Where's David Croft? F1 commentator's absence from grand prix explained

formula 1 commentator david croft walks through the paddock
Where's Crofty? F1 commentator's absence explainedQian Jun/MB Media - Getty Images
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Formula 1's lead commentator David Croft (aka Crofty) has been calling the action at pretty much every grand prix since 2012 for Sky – and prior to that, as lead commentator for BBC Radio 5 Live.

His cry of "It's lights out and away we go" is the sign that you're probably in for another Max Verstappen victory (or, occasionally, something a little less expected).

However, this weekend, Crofty won't be behind the mic as he misses his first Formula 1 race in 17 years. The last one he missed was the 2007 European grand prix, when his son was born.

As Crofty enjoys a break from the mic, here's why he's decided to step away for three races this year – as well as a quick profile of Harry Benjamin, his replacement.

formula 1 commentator david croft walks through the paddock
Qian Jun/MB Media - Getty Images

Where's David Croft? Why isn't he commentating at the Formula 1 Emilia Romagna grand prix?

Back in February, Croft confirmed he'd agreed with Sky that he'll be taking three race weekends off.

The first is the Emilia Romagna grand prix this weekend (May 17-19), but he'll also be missing the Austrian grand prix (June 28-30) and the Azerbaijan grand prix (September 13-15).

Speaking to The Independent, Croft explained that he's taken the decision due both to the increasingly demanding Formula 1 calendar (which, at 24 race weekends, is the longest it's ever been) and out of a desire to spend more time with his loved ones.

Plus, he's getting married later this year and he's got some planning to do for the big day.

"It's more about keeping fresh for the whole season. I'm not getting any younger," said Croft, who's been working for national and international broadcasters for 26 years.

formula 1 driver esteban ocon and commentator david croft stand in the paddock with their arms around each other
Clive Mason - Getty Images

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"I've given up and sacrificed a lot for my career. I want to give a bit of time back to my family and not be on the other side of the world. I'm getting married this year as well, so I've got a wedding to organise!"

Croft also added that he's looking forward to watching as a fan and "enjoying" the coverage from home while he's off.

"Maybe I can learn something by not commentating on a race. I can spot a few things when I'm watching – I want to see what the viewer sees."

Speaking of the lengthy calendar, including gruelling triple-header weekends, Croft was among those who have called for Formula 1 to reconsider its end-of-year timetable in particular.

formula 1 driver george russell and commentator david croft walk in the paddock at a grand prix
Kym Illman - Getty Images

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This year will conclude with a triple-header starting in Las Vegas (November 21-23), before the teams fly to Qatar for a race the following weekend (November 29-December 1) and then the season finale in Abu Dhabi (December 6-8).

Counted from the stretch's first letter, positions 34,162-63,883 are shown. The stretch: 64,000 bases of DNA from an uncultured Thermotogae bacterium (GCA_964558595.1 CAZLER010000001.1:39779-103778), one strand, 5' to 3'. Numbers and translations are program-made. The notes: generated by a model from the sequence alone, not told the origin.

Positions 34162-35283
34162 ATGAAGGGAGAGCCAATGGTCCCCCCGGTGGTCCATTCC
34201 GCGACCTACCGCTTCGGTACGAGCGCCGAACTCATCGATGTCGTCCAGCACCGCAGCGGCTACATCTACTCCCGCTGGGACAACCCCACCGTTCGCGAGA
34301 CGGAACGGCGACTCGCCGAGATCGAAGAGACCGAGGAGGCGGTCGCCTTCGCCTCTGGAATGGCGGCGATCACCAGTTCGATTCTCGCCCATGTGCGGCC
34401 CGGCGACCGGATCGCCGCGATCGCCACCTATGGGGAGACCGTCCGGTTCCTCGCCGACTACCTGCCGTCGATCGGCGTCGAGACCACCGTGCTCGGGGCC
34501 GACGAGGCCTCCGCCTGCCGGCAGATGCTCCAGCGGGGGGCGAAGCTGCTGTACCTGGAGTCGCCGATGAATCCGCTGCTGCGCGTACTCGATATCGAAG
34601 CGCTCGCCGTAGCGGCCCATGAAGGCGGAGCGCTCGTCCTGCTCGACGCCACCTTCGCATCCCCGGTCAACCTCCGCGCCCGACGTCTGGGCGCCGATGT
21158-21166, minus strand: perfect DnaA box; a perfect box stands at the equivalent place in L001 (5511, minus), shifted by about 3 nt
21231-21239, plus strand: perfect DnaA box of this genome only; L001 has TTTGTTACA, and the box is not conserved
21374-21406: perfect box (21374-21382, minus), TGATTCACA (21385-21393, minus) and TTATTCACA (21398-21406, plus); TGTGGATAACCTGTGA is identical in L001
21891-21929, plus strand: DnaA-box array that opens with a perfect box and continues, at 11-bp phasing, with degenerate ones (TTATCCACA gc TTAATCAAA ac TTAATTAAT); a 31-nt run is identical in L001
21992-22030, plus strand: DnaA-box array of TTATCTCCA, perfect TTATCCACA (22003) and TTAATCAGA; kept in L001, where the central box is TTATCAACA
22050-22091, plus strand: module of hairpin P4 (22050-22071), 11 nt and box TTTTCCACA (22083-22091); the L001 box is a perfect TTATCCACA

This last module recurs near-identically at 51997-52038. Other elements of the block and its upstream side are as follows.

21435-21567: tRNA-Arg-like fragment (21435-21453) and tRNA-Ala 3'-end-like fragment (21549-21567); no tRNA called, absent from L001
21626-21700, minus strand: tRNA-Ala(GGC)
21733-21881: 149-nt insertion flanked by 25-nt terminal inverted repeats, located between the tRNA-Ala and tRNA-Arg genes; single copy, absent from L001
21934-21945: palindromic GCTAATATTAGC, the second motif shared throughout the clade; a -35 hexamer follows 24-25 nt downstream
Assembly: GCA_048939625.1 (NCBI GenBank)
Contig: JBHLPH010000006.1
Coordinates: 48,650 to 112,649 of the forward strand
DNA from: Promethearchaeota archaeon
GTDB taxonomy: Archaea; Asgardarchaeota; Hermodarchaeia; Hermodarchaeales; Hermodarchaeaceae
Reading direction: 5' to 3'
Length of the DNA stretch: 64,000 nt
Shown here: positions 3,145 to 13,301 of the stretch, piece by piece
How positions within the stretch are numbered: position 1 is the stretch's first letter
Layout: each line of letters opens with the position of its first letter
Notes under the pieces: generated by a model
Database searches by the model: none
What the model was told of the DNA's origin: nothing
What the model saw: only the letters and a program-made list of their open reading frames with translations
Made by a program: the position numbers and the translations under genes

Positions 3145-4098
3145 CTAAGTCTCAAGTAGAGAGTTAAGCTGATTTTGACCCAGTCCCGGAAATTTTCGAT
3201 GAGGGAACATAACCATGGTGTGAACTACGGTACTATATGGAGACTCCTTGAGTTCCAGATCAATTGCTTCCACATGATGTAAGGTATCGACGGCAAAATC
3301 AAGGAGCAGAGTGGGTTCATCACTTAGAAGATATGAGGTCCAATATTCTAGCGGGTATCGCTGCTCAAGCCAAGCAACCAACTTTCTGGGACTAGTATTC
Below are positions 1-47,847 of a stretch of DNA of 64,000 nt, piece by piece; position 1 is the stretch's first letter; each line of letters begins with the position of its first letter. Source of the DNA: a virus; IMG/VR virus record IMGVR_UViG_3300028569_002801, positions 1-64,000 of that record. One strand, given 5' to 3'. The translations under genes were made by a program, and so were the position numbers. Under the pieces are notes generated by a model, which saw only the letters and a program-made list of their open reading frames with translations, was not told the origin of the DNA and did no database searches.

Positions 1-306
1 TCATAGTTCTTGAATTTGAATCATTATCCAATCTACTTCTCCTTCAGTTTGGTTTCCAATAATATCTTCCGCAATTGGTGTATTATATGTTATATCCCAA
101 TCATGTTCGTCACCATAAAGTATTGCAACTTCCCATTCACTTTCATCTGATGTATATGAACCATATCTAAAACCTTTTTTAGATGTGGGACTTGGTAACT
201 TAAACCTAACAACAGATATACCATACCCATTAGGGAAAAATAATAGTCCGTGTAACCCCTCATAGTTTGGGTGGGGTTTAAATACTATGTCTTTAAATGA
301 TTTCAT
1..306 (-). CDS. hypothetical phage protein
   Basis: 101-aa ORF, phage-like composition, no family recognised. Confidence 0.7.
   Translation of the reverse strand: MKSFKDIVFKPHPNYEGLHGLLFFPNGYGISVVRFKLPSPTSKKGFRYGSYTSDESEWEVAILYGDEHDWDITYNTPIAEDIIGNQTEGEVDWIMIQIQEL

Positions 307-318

"The triple headers do take their toll, you can be pretty exhausted by the end of it. The one time-shift you could really do without is Vegas to Qatar. I'd like to see Vegas change its times a bit," he said.

"A 12-hour shift in time-zones – you can't do more than that on this planet. Abu Dhabi last year was exhausting. I think that's something which could be addressed. But we'll see what 24 [races] is like. It’s uncharted territory. It will be a huge effort for everybody.

"If we have a close season on track, the adrenaline carries you along a little bit. If the title's wrapped up early, then it can be a bit 'another race, another race' so we'll see."

formula 1 broadcaster harry benjamin holds an fia branded microphone as he conducts a press conference
Qian Jun/MB Media - Getty Images

Who is Harry Benjamin, David Croft's Sky F1 commentary replacement?

Meet Harry Benjamin, who will be filling in for Crofty as Sky Sports F1's lead commentator for the Emilia Romagna, Austrian and Azerbaijan grands prix.

Harry was appointed as lead commentator for BBC Radio 5 Live (a position previously held by Croft) last summer, and is a regular on the station's F1: Chequered Flag podcast.

His commentary clips have been used in the Netflix reality docuseries Drive to Survive, and he's previously been heard commentating on Formula 2, Formula 3 and the all-women's F1 Academy series during its debut season.

Harry is fairly active on social media, and recently shared a Toast of London-style insight into additional commentary recording for the latest season of Drive to Survive.

Before becoming a sports broadcaster, Harry trained as an actor at RADA. With a long list of radio credits to his name, he's also performed at the Edinburgh Fringe Festival and on the West End, and worked as a red carpet reporter.

Harry has also worked with Sky before leading its F1 Juniors commentary stream, calling the action alongside young fans of the sport.

While he specialises in motorsport, Harry also has an interest in entertainment and music, and on his official website he adds that he has "a keen interest in electric and sustainable technology".

Harry will be commentating alongside former F1 driver Karun Chandhok this weekend.

Sky's main co-commentator is Martin Brundle, but he doesn't attend every grand prix due to other commitments throughout the year. During a Q&A in late 2023, he confirmed he works at 16 grands prix (two-thirds of this year's schedule).

Jenson Button, Nico Rosberg and Anthony Davidson are among the former drivers who've also featured as co-commentators for Sky in recent years.

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